High-resolution tomography for small animal imaging

Award Information
Agency:
Department of Health and Human Services
Branch
n/a
Amount:
$100,000.00
Award Year:
2005
Program:
SBIR
Phase:
Phase I
Contract:
1R43RR021242-01
Agency Tracking Number:
RR021242
Solicitation Year:
n/a
Solicitation Topic Code:
n/a
Solicitation Number:
n/a
Small Business Information
Adelphi Technology, Inc.
Adelphi Technology, Inc., 981-B Industrial Rd, San Carlos, CA, 94070
Hubzone Owned:
N
Minority Owned:
N
Woman Owned:
N
Duns:
n/a
Principal Investigator:
CHARLES GARY
(650) 598-9800
cgary@adelphitech.com
Business Contact:
MELVIN PIESTRUP
(650) 598-9800
MELPIE@ADELPHITECH.COM
Research Institution:
n/a
Abstract
DESCRIPTION (provided by applicant): The goal of this proposal is to develop a nanometer-scale resolution computerized tomographic imaging system for small animal and molecular imaging. This will be achieved by developing a specialized x-ray source designed to work with x-ray compound refractive lenses. The source will provide intense, spatially uniform x-ray output over a large area with proper angular and spectral filtering. An x-ray detector must also be specially adapted for high-resolution imaging. Experiments during the first phase of the proposed work will confirm the expected utility of the complete system to be built. The end-product of the proposed research will be a table-top computerized tomographic imaging system for use in research laboratories using small animal disease models. This technology will have possibly the finest resolution of any in-vivo imaging modality and the ability to image large volumes of tissue and even entire organisms at ultra-fine resolutions, which will generate exciting images of development and disease not possible by current methods. This system can be used for both in-vivo imaging of small animals and ex-vivo imaging of microscopic biological samples. Given that the proposed technology is x-ray-based, the most immediate impact this technology will be in the morphological evaluation of radiodense tissues, such as calcified and ossified material. Additionally, this technology can potentially be used to interrogate compartments which contain exogenously administered radiodense contrast media, or for microscopic non-invasive imaging such as genetic phenotyping in insects such as Drosophila melanogaster. It should advance research into a wide range of disease entities that present a significant burden to society, including cancer, heart disease, osteoporosis and a wide range of bone disorders. The novel device will help bridge the chasm between the microscopic and clinical world, telling a highly detailed, intriguing story of growth, disease and therapy in a variety of developmental and preclinical models.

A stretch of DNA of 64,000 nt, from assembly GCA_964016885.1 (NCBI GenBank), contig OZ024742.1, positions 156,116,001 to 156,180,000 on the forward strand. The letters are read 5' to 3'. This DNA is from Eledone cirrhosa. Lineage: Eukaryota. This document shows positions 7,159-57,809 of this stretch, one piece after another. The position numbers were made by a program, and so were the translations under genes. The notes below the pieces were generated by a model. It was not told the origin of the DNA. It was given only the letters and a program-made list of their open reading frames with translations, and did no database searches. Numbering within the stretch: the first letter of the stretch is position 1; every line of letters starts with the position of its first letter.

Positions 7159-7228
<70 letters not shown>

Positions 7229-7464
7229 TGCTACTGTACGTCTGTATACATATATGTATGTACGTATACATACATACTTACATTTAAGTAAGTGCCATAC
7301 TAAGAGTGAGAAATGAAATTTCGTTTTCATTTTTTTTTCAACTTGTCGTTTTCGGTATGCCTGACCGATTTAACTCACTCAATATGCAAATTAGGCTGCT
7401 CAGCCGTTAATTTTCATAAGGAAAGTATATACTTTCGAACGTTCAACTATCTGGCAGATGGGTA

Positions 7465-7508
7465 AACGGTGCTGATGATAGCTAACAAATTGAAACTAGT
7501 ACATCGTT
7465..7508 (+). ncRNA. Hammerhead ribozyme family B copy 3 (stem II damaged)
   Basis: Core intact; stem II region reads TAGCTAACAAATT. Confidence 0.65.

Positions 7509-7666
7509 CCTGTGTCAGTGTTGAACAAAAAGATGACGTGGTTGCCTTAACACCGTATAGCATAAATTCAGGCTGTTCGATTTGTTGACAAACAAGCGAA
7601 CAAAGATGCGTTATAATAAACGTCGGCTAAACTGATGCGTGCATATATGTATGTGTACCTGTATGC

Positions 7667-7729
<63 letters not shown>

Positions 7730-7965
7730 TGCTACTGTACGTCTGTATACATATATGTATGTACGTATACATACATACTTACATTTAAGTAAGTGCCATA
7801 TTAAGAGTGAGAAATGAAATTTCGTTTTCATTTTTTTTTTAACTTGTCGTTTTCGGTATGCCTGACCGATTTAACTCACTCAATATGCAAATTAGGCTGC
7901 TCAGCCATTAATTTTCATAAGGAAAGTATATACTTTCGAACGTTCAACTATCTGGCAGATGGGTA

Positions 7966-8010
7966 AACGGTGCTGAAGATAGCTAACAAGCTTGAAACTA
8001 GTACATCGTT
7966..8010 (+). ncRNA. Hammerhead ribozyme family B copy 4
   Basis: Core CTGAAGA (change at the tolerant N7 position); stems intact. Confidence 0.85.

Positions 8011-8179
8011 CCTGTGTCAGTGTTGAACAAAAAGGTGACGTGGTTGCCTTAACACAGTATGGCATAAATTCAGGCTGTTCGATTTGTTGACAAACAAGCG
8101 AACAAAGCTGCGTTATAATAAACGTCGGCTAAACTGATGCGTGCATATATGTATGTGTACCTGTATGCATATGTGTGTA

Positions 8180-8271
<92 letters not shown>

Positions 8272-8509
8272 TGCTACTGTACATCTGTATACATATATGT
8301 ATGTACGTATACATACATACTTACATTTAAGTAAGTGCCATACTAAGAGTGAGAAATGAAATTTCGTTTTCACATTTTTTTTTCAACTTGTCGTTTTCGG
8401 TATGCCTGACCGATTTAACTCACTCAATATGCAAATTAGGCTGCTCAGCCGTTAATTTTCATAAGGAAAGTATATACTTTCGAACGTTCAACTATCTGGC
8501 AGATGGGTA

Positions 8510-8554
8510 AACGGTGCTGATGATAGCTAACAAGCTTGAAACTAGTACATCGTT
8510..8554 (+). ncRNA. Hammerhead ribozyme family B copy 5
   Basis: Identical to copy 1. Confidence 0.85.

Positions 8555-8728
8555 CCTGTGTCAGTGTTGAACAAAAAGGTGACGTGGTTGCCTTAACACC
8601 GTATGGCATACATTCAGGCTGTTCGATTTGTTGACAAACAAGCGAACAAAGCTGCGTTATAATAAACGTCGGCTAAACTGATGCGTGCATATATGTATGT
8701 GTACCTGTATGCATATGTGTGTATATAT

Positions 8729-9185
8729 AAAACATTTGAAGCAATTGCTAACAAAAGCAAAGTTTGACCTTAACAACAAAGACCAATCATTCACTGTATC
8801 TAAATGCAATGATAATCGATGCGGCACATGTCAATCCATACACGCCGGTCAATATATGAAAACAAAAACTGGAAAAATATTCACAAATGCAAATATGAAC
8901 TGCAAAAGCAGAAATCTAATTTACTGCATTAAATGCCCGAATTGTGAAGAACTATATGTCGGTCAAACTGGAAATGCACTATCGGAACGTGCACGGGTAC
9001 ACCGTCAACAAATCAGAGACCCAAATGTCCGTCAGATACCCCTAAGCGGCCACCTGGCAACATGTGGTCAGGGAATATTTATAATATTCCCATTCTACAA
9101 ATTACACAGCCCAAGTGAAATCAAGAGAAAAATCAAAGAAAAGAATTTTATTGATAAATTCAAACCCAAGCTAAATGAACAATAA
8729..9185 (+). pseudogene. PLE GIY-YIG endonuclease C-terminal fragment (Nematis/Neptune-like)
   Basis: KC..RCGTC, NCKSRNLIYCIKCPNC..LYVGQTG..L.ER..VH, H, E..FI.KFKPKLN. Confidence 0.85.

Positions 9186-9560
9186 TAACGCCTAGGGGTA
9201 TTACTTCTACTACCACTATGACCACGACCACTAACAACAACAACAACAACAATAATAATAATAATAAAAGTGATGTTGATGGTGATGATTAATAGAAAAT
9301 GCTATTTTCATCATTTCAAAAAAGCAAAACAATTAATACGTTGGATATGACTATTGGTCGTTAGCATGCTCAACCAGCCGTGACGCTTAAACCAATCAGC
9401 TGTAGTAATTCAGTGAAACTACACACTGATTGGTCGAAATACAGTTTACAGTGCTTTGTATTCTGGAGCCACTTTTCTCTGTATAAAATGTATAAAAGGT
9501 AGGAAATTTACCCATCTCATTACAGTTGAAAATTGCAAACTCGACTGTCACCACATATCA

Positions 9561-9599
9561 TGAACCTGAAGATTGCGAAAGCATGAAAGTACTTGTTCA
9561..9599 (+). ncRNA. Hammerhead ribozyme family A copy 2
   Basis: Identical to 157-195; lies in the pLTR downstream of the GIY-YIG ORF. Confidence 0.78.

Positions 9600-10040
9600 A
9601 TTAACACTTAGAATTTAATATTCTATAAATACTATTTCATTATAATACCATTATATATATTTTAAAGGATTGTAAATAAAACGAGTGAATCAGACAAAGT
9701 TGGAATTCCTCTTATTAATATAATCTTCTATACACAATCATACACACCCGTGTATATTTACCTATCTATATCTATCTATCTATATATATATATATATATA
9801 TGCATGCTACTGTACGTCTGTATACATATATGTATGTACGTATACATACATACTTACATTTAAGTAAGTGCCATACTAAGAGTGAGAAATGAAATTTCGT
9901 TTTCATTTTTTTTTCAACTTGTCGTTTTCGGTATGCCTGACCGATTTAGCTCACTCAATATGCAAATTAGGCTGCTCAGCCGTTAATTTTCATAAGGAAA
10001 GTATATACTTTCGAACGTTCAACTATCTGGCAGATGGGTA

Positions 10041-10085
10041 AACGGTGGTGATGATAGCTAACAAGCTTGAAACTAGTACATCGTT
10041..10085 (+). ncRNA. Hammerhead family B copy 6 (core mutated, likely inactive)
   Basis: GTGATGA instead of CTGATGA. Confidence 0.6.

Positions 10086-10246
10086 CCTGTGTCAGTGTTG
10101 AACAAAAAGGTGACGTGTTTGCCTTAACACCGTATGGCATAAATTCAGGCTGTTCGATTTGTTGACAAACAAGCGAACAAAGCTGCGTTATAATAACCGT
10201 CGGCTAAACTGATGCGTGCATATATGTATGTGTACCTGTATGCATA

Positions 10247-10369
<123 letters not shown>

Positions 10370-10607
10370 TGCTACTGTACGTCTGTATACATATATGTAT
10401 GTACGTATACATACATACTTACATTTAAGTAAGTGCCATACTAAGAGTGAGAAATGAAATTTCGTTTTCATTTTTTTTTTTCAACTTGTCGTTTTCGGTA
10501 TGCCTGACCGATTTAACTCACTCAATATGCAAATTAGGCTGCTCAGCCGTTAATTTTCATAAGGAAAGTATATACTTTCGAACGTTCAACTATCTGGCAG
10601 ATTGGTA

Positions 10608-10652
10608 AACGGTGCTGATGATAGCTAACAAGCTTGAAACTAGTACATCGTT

* information listed above is at the time of submission.

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